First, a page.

This morning, President Trump again hinted to reporters that he may issue a pardon for Joe Arpaio, the former sheriff of Maricopa County, Arizona, currently jailed for criminal contempt of court. Though he only faces “up to” six months in jail, any pardon by Arpaio would be a set-back for civil rights, civil liberties, and the rule of law in the United States. From the founding of our nation until today, we have been often reminded to carefully guard our constitutional freedoms; now is not the time to fail in this responsibility.
Understanding Arpaio’s recent career is vital to grasping the significance of his conviction. Starting in 2005, Arpaio’s racially-targeted enforcement of immigration law became controversial. One Department of Justice report determined that his policies were the worst pattern of racial profiling in United States history. His obsession with immigration enforcement even obscured the enforcement of other laws, including those prohibiting sexual assault and child rape.
Arpaio’s immigration enforcement policies included sweeps of Latino neighborhoods and the detention of individuals solely on the basis of their race. As a result, he was the defendant in two lawsuits, including one brought by the Department of Justice. Despite his department’s effort to criminally investigate the presiding judge, one suit resulted in a federal injunction against his department’s continued use of racial profiling and a $4.4 million dollar judgment against his department.
Despite the injunction, Arpaio declared in 2014 that he would continue the racist immigration policies until he was held in contempt. A federal court granted his wish last month, finding him guilty of criminal contempt. Now, President Trump is considering a pardon.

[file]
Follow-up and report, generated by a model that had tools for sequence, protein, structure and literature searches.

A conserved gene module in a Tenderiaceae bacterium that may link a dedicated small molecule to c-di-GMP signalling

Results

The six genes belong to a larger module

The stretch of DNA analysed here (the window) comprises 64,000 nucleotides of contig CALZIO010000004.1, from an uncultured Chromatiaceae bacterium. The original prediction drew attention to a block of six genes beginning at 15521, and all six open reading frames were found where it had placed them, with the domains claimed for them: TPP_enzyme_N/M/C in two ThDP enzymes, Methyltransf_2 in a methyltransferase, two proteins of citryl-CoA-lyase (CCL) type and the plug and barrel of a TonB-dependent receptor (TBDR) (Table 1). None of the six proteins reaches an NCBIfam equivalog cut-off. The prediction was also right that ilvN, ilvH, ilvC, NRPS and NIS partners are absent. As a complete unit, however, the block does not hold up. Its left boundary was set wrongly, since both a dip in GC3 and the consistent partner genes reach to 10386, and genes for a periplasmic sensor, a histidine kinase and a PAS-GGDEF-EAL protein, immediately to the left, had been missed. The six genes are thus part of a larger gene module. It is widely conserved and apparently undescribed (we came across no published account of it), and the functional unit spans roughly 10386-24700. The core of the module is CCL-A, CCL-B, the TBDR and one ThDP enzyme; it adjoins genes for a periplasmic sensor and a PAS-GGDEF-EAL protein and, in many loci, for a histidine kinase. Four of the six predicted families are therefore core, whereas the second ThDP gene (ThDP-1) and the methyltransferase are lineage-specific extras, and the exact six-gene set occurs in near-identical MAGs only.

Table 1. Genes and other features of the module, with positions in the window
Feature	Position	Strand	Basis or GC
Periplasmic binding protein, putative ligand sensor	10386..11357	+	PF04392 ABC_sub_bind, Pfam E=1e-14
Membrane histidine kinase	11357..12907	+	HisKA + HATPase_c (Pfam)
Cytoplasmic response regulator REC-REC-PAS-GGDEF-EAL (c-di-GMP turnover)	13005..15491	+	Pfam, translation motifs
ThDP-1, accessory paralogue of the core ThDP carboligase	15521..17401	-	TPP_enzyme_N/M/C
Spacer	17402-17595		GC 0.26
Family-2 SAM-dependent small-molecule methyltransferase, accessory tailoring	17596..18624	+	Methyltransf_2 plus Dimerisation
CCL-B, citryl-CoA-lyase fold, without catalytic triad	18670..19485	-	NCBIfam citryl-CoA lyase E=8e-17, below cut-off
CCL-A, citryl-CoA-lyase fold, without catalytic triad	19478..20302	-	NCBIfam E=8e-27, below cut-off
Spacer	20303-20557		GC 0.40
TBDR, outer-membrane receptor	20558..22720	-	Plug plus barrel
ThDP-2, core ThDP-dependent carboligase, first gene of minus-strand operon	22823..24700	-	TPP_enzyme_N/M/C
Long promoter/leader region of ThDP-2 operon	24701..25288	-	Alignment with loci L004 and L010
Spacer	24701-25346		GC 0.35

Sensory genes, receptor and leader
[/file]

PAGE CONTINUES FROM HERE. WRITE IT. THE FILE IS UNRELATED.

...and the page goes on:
If President Trump follows through, substantial harm may come to racial minorities in the United States. According to Professor Robert Spitzer, an expert on the subject, presidential pardons usually happen when the president feels “that the person has suffered enough,” that “the person being pardoned was prosecute[d] wrongly” or “subject to a sentence that was out or proportion to the crime,” or that “the person being pardoned has reformed himself.” None of these are the case here. Instead, President Trump would pardon Arpaio for two possible reasons: either (1) due to Arpaio’s early political support for his presidential campaign; or (2) on the basis of his political agreement—that is, because the President believes that Arpaio has done nothing wrong in violating the Constitution. Neither is acceptable; both indicate that racist law enforcement policy is not only acceptable, but that those responsible are can act free from consequences.
Furthermore, the President of the United States intervening to undo a conviction of a public official who violated American citizens’ constitutional rights does unspeakable violence to those rights. Our rights mean little when there is no redress when they are violated—which is precisely what a pardon here would do. During the debates over ratification of the Constitution, James Madison warned us that it is not enough to inscribe our rights on paper; they must live in the hearts of our elected officials. When our elected officials do not value those rights, and when law enforcement is freed to act without regard for them, our Constitution becomes a mere “parchment barrier.”
This post originally appeared on the blog of the California Civil Rights Law Group. This blog is provided for informational purposes only and not for the purpose of providing legal advice.